The question of which cognitive impairments are primarily associated with dyslexia has been a source of continuous debate. This study examined the cognitive profile of Hebrew-speaking compensated adult dyslexics and investigated whether their cognitive abilities accounted for a unique variance in their reading performance. Sixty-nine young adults with and without dyslexia were administered a battery of tests measuring their reading skills and a number of cognitive abilities. The dyslexics were found to exhibit a generally poor cognitive profile, including their attention, visual working memory, naming, visual perception and speed of processing abilities, with the exception of high executive functions skills. Furthermore, naming speed, visual working memory and attention were significantly associated with decoding and fluency measures and predicted group difference after controlling for phonological skills. The findings point to the contribution of cognitive factors to decoding rate and possibly to the ability of utilizing rapid orthographic processes, thus effecting dyslexics’ reading performance.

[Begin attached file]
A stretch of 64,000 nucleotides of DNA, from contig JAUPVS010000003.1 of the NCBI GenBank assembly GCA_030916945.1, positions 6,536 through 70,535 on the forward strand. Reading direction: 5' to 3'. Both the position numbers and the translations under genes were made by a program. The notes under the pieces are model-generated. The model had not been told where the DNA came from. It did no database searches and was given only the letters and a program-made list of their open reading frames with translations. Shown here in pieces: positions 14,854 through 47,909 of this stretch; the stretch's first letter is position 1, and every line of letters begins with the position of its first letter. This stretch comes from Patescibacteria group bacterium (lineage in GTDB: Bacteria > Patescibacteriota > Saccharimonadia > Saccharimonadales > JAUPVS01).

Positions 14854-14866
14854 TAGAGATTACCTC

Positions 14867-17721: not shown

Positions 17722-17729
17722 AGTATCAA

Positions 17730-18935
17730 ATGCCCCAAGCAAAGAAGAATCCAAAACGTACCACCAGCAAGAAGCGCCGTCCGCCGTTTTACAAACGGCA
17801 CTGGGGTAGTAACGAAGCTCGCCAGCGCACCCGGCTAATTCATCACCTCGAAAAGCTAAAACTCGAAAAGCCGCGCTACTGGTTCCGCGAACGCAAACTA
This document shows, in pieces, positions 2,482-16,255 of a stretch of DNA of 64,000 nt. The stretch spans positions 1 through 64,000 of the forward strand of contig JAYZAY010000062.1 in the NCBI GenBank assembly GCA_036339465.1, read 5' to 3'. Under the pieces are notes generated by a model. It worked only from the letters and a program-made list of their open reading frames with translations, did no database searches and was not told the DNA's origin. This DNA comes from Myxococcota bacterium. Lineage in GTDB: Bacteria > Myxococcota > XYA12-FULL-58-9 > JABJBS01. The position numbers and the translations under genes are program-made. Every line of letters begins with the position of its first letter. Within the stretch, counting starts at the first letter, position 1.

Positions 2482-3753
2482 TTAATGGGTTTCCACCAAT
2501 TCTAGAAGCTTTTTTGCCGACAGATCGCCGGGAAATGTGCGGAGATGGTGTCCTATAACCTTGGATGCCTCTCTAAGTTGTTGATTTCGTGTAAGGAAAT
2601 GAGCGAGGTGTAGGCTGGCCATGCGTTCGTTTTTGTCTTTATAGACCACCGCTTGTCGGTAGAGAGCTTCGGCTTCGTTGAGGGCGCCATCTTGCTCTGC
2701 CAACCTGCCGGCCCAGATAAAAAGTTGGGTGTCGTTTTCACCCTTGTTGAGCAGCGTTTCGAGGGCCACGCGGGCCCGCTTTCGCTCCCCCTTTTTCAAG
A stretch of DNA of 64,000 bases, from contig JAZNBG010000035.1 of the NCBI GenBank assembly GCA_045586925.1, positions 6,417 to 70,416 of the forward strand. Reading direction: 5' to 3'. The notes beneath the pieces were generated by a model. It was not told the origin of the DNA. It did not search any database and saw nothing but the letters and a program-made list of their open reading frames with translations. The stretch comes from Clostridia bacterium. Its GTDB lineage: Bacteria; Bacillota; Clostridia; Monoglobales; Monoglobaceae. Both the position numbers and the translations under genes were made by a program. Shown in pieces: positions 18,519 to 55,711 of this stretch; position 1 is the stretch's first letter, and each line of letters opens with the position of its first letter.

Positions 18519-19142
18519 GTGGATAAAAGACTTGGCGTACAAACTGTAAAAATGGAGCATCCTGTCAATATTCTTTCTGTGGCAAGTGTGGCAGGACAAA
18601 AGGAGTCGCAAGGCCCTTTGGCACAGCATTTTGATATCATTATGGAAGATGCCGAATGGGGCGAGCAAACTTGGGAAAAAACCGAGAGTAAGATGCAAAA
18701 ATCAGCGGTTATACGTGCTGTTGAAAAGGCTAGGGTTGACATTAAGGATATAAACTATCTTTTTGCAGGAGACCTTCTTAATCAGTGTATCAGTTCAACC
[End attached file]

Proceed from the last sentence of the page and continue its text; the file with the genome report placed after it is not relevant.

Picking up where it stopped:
Reading and Writing – Springer Journals
Published: Feb 8, 2013
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